CPU 702 is shown to be coupled with Memory Management (MMU) 704. The MMU 704 can map virtual addresses received from CPU 702 to physical addresses in RAM 706. It is possible that there are more virtual addresses than physical addresses such that the relationship between virtual address to physical address is many to one. The virtual memory utilized via MMU 704 is broken into pages, preferably of identical size. A page in a virtual memory is typically specified by the MMU 604. The size of a virtual memory page may be any size, typically a power of two, such as 4 K-16 KB. The physical address in RAM 706 is also broken into pages, called page frames. Each virtual page preferably starts at a physical page. Any page can be stored in any page frame. A mapping table can specify the page frame in which each page is stored. In translating a virtual address to a physical address, a page frame number can be substituted for a page number.

If a virtual address requested by CPU 702 does not have a corresponding physical address, then MMU 704 will generate an exception, referred to as a “page fault”. When a page fault occurs, a preexisting mapping of a virtual address to a physical address is discarded, producing a newly available physical address. This newly available physical address can then be mapped to the virtual address which caused the page fault. MMU 704 keeps track of the virtual address to physical address mapping.

MMU 704 is also shown to be coupled to physical device(s) 710. Examples of such physical devices include RAM, nonvolatile memory, such as nonvolatile memory (NVRAM), input/output devices (10 devices), and read only memory (ROM).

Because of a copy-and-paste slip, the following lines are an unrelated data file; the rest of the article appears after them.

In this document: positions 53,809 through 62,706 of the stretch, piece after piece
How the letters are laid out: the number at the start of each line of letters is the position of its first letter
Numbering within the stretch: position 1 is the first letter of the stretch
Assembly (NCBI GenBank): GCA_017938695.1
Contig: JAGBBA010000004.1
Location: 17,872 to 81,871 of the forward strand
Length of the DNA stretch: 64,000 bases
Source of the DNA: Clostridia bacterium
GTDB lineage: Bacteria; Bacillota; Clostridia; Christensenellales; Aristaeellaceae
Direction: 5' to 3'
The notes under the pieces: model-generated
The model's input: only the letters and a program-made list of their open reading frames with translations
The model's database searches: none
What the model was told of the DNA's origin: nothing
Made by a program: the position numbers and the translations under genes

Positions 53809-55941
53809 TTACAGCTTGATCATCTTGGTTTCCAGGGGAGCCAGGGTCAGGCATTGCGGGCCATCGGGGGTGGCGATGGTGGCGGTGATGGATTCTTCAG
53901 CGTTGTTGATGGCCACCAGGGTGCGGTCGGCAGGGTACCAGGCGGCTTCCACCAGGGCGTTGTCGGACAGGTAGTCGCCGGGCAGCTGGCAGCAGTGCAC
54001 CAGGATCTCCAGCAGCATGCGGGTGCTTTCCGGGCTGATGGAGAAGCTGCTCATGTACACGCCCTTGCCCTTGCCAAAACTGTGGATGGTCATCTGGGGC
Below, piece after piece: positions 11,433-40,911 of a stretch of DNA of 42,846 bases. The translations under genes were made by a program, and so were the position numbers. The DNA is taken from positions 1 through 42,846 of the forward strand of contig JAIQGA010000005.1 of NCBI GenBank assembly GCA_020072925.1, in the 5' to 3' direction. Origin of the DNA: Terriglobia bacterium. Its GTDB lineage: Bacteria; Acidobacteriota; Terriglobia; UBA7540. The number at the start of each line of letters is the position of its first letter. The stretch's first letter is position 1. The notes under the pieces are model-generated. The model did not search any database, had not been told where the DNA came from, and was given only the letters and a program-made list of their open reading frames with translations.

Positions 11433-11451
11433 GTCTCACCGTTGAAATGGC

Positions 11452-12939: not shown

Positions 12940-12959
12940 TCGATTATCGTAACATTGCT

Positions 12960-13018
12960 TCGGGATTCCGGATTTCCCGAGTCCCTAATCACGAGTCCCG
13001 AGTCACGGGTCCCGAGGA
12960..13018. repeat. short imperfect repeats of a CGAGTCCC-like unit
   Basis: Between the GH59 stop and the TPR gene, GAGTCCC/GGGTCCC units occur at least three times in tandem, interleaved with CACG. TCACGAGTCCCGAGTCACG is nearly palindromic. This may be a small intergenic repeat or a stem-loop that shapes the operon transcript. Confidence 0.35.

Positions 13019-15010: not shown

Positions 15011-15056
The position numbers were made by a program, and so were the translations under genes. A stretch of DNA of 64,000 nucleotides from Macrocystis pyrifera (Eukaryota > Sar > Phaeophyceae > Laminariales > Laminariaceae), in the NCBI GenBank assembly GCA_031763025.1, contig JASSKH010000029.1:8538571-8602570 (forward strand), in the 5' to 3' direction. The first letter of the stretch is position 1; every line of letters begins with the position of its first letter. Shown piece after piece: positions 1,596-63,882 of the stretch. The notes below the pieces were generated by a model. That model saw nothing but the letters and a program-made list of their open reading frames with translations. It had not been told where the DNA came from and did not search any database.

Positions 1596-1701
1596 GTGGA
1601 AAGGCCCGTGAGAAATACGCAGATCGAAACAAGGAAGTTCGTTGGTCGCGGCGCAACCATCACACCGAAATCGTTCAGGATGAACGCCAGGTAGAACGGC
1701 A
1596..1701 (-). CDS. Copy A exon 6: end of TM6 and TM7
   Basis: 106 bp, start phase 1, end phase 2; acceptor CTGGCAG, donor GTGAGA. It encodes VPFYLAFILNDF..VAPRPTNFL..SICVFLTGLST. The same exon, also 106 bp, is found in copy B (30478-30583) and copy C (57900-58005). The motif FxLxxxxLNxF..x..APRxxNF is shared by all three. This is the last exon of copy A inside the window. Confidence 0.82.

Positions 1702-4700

FIG. 8 is an illustration of a method according to the first and second embodiments of the present invention for building an application for an embedded system. An image 800 of memory, such as RAM, is created. The image 800 includes a non-pageable data section 804 and a pageable data section 806. Nonpageable data section 804 includes data which, once loaded into RAM, will not leave RAM by a page out. Freeing up a physical address is herein referred to as “page out”. Examples of nonpageable data include data related to a pager or a scheduler which are essential to the fundamental operations of the embedded system.

Pageable data section 806 includes data which may be removed from RAM. Pageable data section 806 is designated into pages, such as 4 KB, which can be individually compressed and individually decompressed. The image 800 of RAM goes through a process of virtual memory compression to produce an image 802 stored in nonvolatile memory, such as FLASH or ROM, referred to here as NVRAM. Details of the virtual memory compression will be discussed later in conjunction with FIG. 10.